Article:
Anyone who has played youth sports has probably had the misfortune of dealing with overzealous parents being far too involved with their children — the soccer mom yelling at the referees, the irritating dad telling the coach to put his kid in the game — or perhaps the even greater misfortune of having one of those parents.
Now, imagine being a star high school or college athlete and still having that kind of parent — except his words are being published in the national media.
Meet LaVar Ball: father of Lonzo Ball, the stud UCLA freshman guard, and LiAngelo and LaMelo Ball, both high schoolers already committed to UCLA. There’s no question the three brothers are good at basketball, but I doubt they asked for their father to tout each of them as the next greatest thing.
In case you haven’t been exposed to LaVar’s comments, here’s a brief tasting: He claimed that Lonzo, who he said will be drafted No. 1 overall this summer and will win a national championship in a few weeks, is better than Stephen Curry, more athletic than Magic Johnson, has a better jump shot than Jason Kidd and can beat LeBron James and Russell Westbrook in a 5-on-5.
He said his three sons will sign a collective shoe deal worth $1 billion. Oh, and as for himself, he believes he would have beaten Michael Jordan 1-on-1 in his “heyday” (just for kicks, LaVar averaged 2.2 points a game in 1987-1988 with Washington State, his only season of recorded stats. Jordan scored 35 points a game for the Chicago Bulls that same season.)
As good as Lonzo may be, all of those players he is being compared to are current or former NBA superstars. Lonzo is a college freshman. And no, playing one season of college basketball and literally scoring a single basket a game does not even qualify you to have a “heyday.” Jordan right now, at age 54, would destroy LaVar in his supposed “prime.”
Dare I say, LaVar Ball is the Donald Trump of sports dads. While LaVar’s comments have no real-world implications, they reach a lot of people, they confuse readers like a Trump tweet (check the #LaVarBallSays hashtag on Twitter) and they carry a lot of weight on their intended targets: his sons.
Think about Lonzo. He is objectively one of the best players in college basketball right now. He exhibits the poise and patience that few college point guards possess and has the intuitiveness to see the right play before it develops, and yet he can take over the game adeptly with his athleticism and unlimited range.
He likely has a stellar NBA career ahead of him, but … What if he doesn’t? A lot of high draft picks don’t pan out to be the franchise players they were projected to be. Greg Oden, selected No. 1 overall in 2007, was touted as a once-in-a-generation talent, but recurring injuries ended his career prematurely. Darko Milicic, drafted No. 2 in 2003 between LeBron James, Carmelo Anthony, Dwyane Wade and Chris Bosh, is currently a farmer in Serbia. Sam Bowie, picked first in 1984, played in just 139 games and is relevant only because he was selected before a guy named Michael Jordan. And don’t ask me how many awful top draft selections my Warriors have made over the years (do you have any idea who Joe Smith is? Exactly).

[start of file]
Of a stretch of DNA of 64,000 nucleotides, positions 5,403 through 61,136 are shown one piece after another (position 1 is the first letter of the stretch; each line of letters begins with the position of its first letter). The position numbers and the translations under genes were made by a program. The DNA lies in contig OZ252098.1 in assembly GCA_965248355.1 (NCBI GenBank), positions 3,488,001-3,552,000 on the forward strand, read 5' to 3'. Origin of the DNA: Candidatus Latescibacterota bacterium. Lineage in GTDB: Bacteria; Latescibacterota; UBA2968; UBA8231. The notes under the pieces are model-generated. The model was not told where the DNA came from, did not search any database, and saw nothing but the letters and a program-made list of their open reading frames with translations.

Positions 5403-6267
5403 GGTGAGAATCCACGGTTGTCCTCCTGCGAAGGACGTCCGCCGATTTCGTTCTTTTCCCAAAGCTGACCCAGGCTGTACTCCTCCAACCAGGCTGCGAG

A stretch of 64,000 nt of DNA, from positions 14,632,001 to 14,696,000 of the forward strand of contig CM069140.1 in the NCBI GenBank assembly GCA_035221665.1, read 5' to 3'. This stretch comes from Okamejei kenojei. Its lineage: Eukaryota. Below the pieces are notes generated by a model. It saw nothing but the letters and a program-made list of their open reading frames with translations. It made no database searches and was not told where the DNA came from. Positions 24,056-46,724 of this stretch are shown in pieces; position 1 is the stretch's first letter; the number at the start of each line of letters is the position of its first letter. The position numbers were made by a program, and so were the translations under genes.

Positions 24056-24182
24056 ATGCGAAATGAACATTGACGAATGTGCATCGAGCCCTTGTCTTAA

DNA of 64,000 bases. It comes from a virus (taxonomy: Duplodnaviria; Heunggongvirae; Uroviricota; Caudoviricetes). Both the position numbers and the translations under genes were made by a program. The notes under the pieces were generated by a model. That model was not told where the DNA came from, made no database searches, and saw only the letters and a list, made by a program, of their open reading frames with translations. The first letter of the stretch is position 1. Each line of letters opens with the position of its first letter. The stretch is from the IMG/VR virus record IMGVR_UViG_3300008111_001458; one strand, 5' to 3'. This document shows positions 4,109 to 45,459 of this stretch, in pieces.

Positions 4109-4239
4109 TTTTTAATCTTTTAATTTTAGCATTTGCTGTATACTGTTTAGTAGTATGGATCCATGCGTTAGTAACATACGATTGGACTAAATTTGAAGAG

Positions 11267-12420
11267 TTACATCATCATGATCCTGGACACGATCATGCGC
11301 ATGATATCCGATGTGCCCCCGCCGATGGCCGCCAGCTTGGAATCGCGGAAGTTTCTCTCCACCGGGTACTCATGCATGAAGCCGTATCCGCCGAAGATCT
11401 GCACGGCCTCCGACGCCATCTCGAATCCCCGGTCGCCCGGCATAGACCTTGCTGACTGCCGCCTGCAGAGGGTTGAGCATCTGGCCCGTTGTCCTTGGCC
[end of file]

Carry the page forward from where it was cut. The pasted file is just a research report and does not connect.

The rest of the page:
The point is, for LaVar Ball to play up his son like this is doing Lonzo a disservice. It is piling on a mountain of expectations, most of which seem impossible to meet. It is telling a 19-year-old kid that he is the next coming of Jordan. It is taking away Lonzo’s control of his own career narrative, which is shameful. Try typing “Lonzo Ball” into Google and you’ll find the suggested result “Lonzo Ball dad” second from the top.
From the small sample size of how much I’ve seen of Lonzo, he seems to be a calm, confident person who doesn’t let his emotions get the best of him, which will come handy for when his father inevitably dispels his next inaccurate prediction (heck, maybe Lonzo Ball will also walk on the moon by the end of the year or something). He clearly has the talent to be a star in the NBA, but will need the thick skin to stomach the expectations that are guaranteed to come with his father’s mouth and ego.
He’ll hear it from opponents, from fans, from passers-by on the street: “Hey, the next Steph Curry!” People will critique him much more than others, harp on his every misstep, trash talk him and tear him down if his career doesn’t go exactly as expected and predicted by his father. To wit, after Lonzo committed a turnover in the Pac-12 tournament semifinal against Arizona earlier this month, the Los Angeles Times quoted a fan as yelling from the stands, “Hey, Steph Curry wouldn’t have done that!”
Lonzo Ball should not be known as the next Steph Curry, nor should he be seen solely as LaVar Ball’s kid. Lonzo Ball is the next Lonzo Ball, and he and his brothers deserve to write their own fate, to weave their own path, to do the best they can in the NBA — or whatever level of basketball they wind up at — and not be judged for it because of their old man’s idiotic comments.
Eric He is a sophomore studying print and digital journalism. He is also an associate managing editor of the Daily Trojan. His column, “Grinding Gears,” runs on Fridays.